Shortly after his arrival, he was diagnosed with optic neuritis and was deemed medically unfit for military service.

After five weeks at Fort Knox, he was honourably discharged. His brief time in service has repeatedly been put at issue by his political opponents during his electoral campaigns.


From 1968 to 1970, McConnell worked as an aide to Senator Marlow Cook in Washington, D.C., managing a legislative department consisting of five members as well as assisting with speech writing and constituent services.

In 1971, McConnell returned from Washington, D.C., to Louisville, KY where he worked for Tom Emberton’s candidacy for Governor of Kentucky, which was unsuccessful.

McConnell attempted to run for a seat in the state legislature but was disqualified because he did not meet the residency requirements for the office.

He then went to work for a law firm for a few years. During the same time period, he taught a night class on political science at the University of Louisville.


In October 1974, McConnell returned to Washington, D.C. to fill a position as Deputy Assistant Attorney General under President Gerald R.

Ford, where he worked alongside Robert Bork, Laurence Silberman, and Antonin Scalia.

In 1977, McConnell was elected the Jefferson County Judge/Executive, which was the top political office in Jefferson County, Kentucky at the time.

He was re-elected in 1981 and occupied this office until his election to the U.S. Senate in 1984.


McConnell was first elected to the Senate in 1984 and has been re-elected five times since.

During the 1998 and 2000 election cycles, he was chairman of the National Republican Senatorial Committee.

McConnell was elected as Majority Whip in the 108th Congress and was re-elected to the post in 2004.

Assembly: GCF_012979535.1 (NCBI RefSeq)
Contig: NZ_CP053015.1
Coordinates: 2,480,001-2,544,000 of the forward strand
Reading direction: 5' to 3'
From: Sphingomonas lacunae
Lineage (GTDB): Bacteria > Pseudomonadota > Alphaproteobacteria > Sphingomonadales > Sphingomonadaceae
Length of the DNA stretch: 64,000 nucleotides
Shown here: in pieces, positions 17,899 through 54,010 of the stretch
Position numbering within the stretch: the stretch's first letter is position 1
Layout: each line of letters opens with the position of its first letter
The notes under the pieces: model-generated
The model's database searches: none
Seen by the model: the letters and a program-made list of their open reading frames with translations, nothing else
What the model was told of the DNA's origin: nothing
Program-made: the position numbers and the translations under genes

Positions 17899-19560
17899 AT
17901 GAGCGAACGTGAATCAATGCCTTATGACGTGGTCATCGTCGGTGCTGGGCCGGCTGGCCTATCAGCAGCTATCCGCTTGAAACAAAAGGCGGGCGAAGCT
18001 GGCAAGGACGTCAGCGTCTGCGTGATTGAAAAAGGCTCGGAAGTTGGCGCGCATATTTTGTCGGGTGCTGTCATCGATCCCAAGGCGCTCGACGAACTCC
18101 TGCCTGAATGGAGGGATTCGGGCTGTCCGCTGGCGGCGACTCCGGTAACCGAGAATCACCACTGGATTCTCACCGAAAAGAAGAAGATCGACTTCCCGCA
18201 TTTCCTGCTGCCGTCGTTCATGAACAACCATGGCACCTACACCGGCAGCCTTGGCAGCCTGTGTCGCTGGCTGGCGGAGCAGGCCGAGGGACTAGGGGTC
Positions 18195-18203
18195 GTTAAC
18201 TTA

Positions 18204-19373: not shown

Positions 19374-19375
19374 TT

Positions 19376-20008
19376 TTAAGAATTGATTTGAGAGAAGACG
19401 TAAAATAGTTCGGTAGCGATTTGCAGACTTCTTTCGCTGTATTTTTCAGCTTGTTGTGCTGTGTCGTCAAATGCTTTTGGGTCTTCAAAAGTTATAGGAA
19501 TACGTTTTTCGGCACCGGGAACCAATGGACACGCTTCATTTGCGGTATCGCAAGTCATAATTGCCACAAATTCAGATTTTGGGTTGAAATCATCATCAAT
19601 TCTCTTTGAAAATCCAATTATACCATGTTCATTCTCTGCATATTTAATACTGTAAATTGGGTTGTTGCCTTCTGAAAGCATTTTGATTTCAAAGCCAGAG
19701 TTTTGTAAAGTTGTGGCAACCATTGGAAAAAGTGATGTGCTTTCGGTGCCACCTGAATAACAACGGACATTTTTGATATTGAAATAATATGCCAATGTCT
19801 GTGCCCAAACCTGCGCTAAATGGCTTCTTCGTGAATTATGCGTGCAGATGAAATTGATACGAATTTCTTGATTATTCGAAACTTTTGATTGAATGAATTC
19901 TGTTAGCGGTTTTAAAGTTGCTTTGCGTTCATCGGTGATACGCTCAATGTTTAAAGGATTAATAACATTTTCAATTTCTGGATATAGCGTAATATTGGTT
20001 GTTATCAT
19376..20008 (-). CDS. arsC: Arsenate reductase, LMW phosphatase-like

In November 2006, he was elected Senate Minority Leader; he held that post until 2015, when Republicans took control of the Senate and he became Senate Majority Leader.


McConnell was known as a pragmatist and a moderate Republican early in his political career but shifted to the right over time.

He led opposition to stricter campaign finance laws, culminating in the Supreme Court ruling that partially overturned the Bipartisan Campaign Reform Act (McCain-Feingold) in 2009.

During the Obama administration, McConnell worked to withhold Republican support for major presidential initiatives, made frequent use of the filibuster, and blocked many of Obama’s judicial nominees, including Supreme Court nominee Merrick Garland.

Under McConnell’s leadership of the Senate, Obama saw the fewest judicial nominees confirmed in the final two years of a presidency since 1951–52.

During the Trump administration, Senate Republicans, under McConnell’s leadership, broke records on the number of judicial nominees confirmed; among those nominees were Neil Gorsuch and Brett Kavanaugh who were confirmed to the Supreme Court.

McConnell was included in the Time 100 list of the most influential people in the world in 2015.